Price of average Waterford house remained stable during Covid-19 lockdown

Justin Kelly

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Justin Kelly

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Price of average Waterford house remained stable during Covid-19 lockdown

Price of average Waterford house remained stable during Covid-19 lockdown

The price of the average three-bed semi in County Waterford remained unchanged over the past year according to a national survey carried out by Real Estate Alliance.

Despite fears of a downturn in the market during the Covid-19 crisis, the price of a three-bedroomed semi-detached house across the county remained unchanged at €215,000 in Waterford City and €178,000 in Waterford County over the past three months.

“There is no evidence of a reduction in prices here and the market has been active since we came back two weeks ago,” said Des O’Shea of REA O’Shea O’Toole, Waterford City.

“Time will tell if this is pent up demand. Vendors are bringing houses to the market at the moment in the hope that they can get a good price for their properties.

“We are advising vendors to expect a delayed selling period because of the uncertainty in the market.”

The average time to sell rose by one week in the city this quarter to 13 weeks, and was unchanged at 12 weeks in the county. 

“Since our office reopened, we have experienced an exceptionally high level of requests for viewings in addition to receiving offers on a number of residential properties,” said Eamonn Spratt of REA Spratt, Dungarvan.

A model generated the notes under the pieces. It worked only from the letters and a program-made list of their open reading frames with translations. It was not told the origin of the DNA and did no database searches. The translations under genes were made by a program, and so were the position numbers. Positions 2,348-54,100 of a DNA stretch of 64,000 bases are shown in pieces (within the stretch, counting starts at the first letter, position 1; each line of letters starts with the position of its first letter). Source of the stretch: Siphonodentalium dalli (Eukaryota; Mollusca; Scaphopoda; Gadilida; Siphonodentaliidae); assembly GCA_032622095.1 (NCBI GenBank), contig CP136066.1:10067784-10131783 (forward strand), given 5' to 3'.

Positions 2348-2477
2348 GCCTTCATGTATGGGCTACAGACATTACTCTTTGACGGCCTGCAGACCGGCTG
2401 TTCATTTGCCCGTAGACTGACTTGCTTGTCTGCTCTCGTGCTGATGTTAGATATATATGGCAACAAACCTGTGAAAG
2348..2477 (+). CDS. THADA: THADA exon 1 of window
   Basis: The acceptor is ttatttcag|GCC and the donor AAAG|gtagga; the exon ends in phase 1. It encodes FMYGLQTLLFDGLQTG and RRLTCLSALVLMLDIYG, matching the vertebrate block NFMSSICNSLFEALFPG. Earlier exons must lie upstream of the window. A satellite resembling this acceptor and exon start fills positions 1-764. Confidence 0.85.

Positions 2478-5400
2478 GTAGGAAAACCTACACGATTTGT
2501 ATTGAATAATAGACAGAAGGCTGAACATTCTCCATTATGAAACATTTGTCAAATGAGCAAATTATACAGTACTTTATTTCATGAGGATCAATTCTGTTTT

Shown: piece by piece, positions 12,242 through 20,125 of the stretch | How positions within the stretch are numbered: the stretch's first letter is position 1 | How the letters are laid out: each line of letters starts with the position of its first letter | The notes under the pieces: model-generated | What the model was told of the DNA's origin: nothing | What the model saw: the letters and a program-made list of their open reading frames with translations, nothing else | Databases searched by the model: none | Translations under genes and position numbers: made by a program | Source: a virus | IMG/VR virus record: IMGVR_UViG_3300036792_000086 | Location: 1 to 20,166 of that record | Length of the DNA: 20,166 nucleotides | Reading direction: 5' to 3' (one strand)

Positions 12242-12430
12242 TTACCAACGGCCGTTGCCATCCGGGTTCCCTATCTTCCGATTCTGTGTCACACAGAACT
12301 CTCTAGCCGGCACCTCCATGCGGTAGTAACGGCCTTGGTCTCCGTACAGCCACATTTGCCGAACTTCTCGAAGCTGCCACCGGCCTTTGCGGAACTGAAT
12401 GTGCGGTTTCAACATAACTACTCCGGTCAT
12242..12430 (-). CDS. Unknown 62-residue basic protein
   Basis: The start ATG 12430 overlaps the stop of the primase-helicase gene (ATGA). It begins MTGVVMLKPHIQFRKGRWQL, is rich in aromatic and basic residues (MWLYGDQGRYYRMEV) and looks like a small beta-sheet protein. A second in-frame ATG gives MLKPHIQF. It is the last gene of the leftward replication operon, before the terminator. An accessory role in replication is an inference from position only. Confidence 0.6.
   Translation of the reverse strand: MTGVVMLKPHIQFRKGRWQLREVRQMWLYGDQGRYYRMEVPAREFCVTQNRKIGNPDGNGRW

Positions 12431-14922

The REA Average House Price Survey concentrates on the actual sale price of Ireland's typical stock home, the three-bed semi, giving an accurate picture of the second-hand property market in towns and cities countrywide.

Across the country, despite fears of a downturn in the market due to lockdown, the price of a three-bedroomed semi-detached house fell by just -0.15% over the past three months to €234,667, an annual decline of -0.56%. 

“Although sales slowed during the lockdown, they did happen and, despite fears, very few fell through or had to be renegotiated,” said REA spokesperson Barry McDonald.

“Changes in the world of work are having an immediate effect on the second-hand housing market with a nationwide trend emerging of buyers looking to move 15 minutes outside of their urban location where they can get more space for the same money.

“We are finding that people are looking for three things – more space, gardens and a guarantee of better broadband, where transport was previously the highest priority.

“While the current outlook is positive, and there seems to be a lot of pent-up demand, it may be Q3 before we see the effect of Covid-19 on the market and on the outcome of mortgage approvals granted before the lockdown.”